Who Needs Flashy When Simplicity Delivers?

Last week, Warren Buffett collected on a $1 million bet with Ted Seides, a hedge fund manager at Protégé Partners.

In 2007, the famed investor and CEO of Berkshire Hathaway wagered that an unmanaged S&P 500 index fund would perform better than Seides’ fund of funds during the following decade.

It was a bet of simplicity over sophistication. Personally, I’m a big fan of keeping things simple when it comes to investing. So, I’m not surprised Buffett came out on top of this bet.

He knows listening to Wall Street is not the way to beat the market. Broker fees are too high, and their longer-term performance is too weak. It’s a lesson all investors should learn, and quickly.

The New York Post reports Seides’ funds posted an average annual return of only 2.2% during the last 10 years. A $1 million investment would have grown to $1,220,000.

A gain is still a gain, yes. But consider this …

Socking away the same $1,000,000 in a low-cost index would be worth $1,854,000. That is an annual growth rate in excess of 7%!

Now, some would argue it was an exceptional period:

  • In 2008, the entire world was gripped by the financial crisis.
  • The Great Recession ensued.
  • Asset prices collapsed, and central bankers worldwide flooded the monetary system with cheap cash.

With only the 1980s Japanese experience as a point of reference, managers prepared for a decade of deflation.

While the gloomiest forecasts never materialized, the perilous period left many in shock. They spent the next several years underexposed, waiting for more fallout. In the process, they underperformed.

During the era, Buffett’s own legend grew.

Now 87, and a billionaire 75 times over, Buffett built his fame and fortune by identifying great businesses, then giving talented managers the time and space to perform.

Buffett’s formula is really quite simple.

He didn’t require they build the best mousetraps. He simply wanted to ensure they ran consistently profitable enterprises with great cash flow, competitive advantages and high barriers to entry.

It’s a very simple formula.

And I put it to work every day for my members. In my brand-new newsletter, The Power Elite, I’m interested in finding companies with terrific financial performance and a long, consistent history of rewarding shareholders. I’m not looking for celebrity managers or flashy products. You will not find Tesla or Snap Inc. on this list.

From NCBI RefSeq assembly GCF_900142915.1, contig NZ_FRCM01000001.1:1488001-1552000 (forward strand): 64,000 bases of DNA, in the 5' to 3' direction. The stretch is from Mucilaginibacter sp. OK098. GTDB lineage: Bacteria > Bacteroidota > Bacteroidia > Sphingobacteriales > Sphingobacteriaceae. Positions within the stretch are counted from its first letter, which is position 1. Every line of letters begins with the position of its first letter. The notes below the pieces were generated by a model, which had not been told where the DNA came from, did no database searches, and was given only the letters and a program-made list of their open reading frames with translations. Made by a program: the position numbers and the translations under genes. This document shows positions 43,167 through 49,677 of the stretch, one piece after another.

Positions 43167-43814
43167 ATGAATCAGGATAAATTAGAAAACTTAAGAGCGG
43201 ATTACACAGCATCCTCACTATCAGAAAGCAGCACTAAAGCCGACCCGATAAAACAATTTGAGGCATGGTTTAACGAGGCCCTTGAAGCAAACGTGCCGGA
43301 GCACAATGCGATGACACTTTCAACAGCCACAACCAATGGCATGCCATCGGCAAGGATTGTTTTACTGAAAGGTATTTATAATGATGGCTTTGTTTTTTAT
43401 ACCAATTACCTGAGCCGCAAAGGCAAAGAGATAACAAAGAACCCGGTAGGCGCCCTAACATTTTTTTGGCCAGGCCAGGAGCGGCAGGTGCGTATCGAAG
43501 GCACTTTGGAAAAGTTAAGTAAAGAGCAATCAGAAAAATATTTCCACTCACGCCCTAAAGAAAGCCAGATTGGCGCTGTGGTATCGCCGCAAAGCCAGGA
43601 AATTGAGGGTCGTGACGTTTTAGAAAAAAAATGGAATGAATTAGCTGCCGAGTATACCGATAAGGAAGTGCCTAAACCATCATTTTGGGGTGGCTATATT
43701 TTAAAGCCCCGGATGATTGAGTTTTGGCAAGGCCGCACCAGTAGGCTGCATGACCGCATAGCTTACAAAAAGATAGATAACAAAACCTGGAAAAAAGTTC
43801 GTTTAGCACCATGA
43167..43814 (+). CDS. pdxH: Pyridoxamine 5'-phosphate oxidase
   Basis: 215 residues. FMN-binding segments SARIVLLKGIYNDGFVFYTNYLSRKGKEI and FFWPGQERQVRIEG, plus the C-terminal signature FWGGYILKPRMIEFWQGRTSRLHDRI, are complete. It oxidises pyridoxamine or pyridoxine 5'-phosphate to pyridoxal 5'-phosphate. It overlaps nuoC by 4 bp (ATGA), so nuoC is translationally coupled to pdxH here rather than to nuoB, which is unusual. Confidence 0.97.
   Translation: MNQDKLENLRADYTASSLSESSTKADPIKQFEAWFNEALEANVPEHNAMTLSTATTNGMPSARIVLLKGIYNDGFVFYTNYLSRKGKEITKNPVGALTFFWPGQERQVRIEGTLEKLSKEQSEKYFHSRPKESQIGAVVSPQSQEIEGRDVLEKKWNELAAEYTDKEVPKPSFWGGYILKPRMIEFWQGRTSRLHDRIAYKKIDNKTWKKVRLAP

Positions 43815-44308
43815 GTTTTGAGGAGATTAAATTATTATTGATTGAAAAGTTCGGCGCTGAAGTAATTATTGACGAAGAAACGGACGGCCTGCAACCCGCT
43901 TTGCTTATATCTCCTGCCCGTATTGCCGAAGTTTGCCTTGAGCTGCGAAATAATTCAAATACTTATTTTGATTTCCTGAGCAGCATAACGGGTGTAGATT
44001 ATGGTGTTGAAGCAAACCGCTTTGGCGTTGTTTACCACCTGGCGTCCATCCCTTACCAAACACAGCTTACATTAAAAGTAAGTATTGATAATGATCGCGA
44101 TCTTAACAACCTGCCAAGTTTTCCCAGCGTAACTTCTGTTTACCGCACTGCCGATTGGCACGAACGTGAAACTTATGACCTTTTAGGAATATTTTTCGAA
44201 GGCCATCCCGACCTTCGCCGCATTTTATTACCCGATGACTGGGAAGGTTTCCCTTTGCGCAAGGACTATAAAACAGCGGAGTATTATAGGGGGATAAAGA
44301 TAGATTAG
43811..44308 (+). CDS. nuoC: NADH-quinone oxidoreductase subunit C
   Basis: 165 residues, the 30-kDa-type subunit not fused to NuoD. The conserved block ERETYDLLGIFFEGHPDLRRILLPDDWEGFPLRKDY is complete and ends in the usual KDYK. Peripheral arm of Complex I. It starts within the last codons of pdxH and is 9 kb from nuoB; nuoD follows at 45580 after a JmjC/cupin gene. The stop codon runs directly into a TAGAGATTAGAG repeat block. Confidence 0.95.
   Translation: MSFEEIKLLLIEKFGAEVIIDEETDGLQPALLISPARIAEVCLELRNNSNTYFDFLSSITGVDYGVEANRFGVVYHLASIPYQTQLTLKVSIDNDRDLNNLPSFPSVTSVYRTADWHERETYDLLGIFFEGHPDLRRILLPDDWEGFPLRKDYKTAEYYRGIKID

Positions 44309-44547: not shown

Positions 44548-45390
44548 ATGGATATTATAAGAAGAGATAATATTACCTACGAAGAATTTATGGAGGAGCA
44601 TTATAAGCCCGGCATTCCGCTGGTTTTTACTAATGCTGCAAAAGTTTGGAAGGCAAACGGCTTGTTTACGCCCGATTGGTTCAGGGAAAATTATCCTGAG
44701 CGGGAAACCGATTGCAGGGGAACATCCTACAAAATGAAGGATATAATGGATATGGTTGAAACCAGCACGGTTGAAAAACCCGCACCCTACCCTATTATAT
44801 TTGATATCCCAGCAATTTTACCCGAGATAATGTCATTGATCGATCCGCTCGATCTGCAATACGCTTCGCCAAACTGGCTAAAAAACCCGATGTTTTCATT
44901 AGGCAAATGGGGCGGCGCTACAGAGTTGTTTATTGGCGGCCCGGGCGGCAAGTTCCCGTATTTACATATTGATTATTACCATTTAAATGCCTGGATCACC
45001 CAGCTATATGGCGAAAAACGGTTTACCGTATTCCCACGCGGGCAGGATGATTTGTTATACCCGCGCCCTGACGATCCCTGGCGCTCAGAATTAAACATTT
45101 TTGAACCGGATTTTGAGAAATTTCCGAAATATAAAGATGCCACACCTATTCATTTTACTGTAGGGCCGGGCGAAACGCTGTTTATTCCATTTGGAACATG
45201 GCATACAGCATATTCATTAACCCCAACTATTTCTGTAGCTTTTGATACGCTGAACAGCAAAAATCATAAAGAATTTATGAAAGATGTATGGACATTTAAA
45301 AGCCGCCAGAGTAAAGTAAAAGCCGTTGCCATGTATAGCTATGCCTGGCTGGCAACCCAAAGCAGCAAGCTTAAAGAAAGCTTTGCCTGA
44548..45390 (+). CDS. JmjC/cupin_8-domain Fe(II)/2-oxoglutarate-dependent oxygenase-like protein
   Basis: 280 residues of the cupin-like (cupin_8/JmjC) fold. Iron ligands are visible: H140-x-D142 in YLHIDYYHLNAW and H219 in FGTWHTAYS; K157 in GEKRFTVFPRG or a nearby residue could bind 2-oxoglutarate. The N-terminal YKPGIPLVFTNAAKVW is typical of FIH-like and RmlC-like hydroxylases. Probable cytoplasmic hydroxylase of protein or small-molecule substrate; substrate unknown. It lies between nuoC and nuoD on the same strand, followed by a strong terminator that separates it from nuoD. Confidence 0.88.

Rather, the companies I’m targeting have built dominant franchises in everything from water heaters and warehouse shopping clubs to pizza and cell phone towers. They make the products that people and businesses simply need to have.

The best news is they have made shareholders rich. My work shows that owning these shares meant an average annual rate of return of 15.6%. To put that in perspective, $1,000,000 invested over the past 10 years would be worth $4,261,655 today.

Many years ago, Warren Buffett described his initial investment in Wrigley …

The Chicago company had been making chewing gum since 1891. Buffett told the story of its simplicity. It used its scale advantages to squeeze out competitors. It was consistently profitable and accountable to stakeholders.

Wrigley never wandered too far from the things it did well. Juicy Fruit and Doublemint still exist today. And Wrigley, now a wholly owned subsidiary of Mars, is the largest maker of chewing gum in the world.

Like most things from Buffett, there is a lesson hiding there in plain sight …

Performance and consistency are everything in investing.

It’s like speed and strength in football. It can’t be faked.

The financial pages are full of stories about Wall Street money managers failing to beat the averages. CNBC ran a story in April claiming “almost none” have beaten the market over the past 15 years. Yet, the tools to find individual companies that have consistently won are bountiful. It’s the will that is lacking.

I’m helping my members put together a winning portfolio of those names. While the list is not flashy, the numbers are undeniable. In the end, that is all that counts.

Best wishes,

Jon Markman

P.S. Every month, I introduce my Power Elite subscribers to a pair of stocks where the most-glamorous thing about them is their returns. Just since July, one of those names is showing a tracked gain of 11.6%. And our August additions are showing 3.4% and 2.7% gains, respectively. See why our simple stock-picking strategy works by clicking this link here. And follow the instructions at the end to see how you can go for these kinds of gains every month. 

About the Editor

Jon D. Markman is winner of the prestigious Gerald Loeb Award for outstanding financial journalism and the Society of Professional Journalists' Sigma Delta Chi award. He was also on Los Angeles Times staffs that won Pulitzer Prizes for coverage of the 1992 L.A. riots and the 1994 Northridge earthquake. He invented Microsoft’s StockScouter, the world’s first online app for analyzing and picking stocks.

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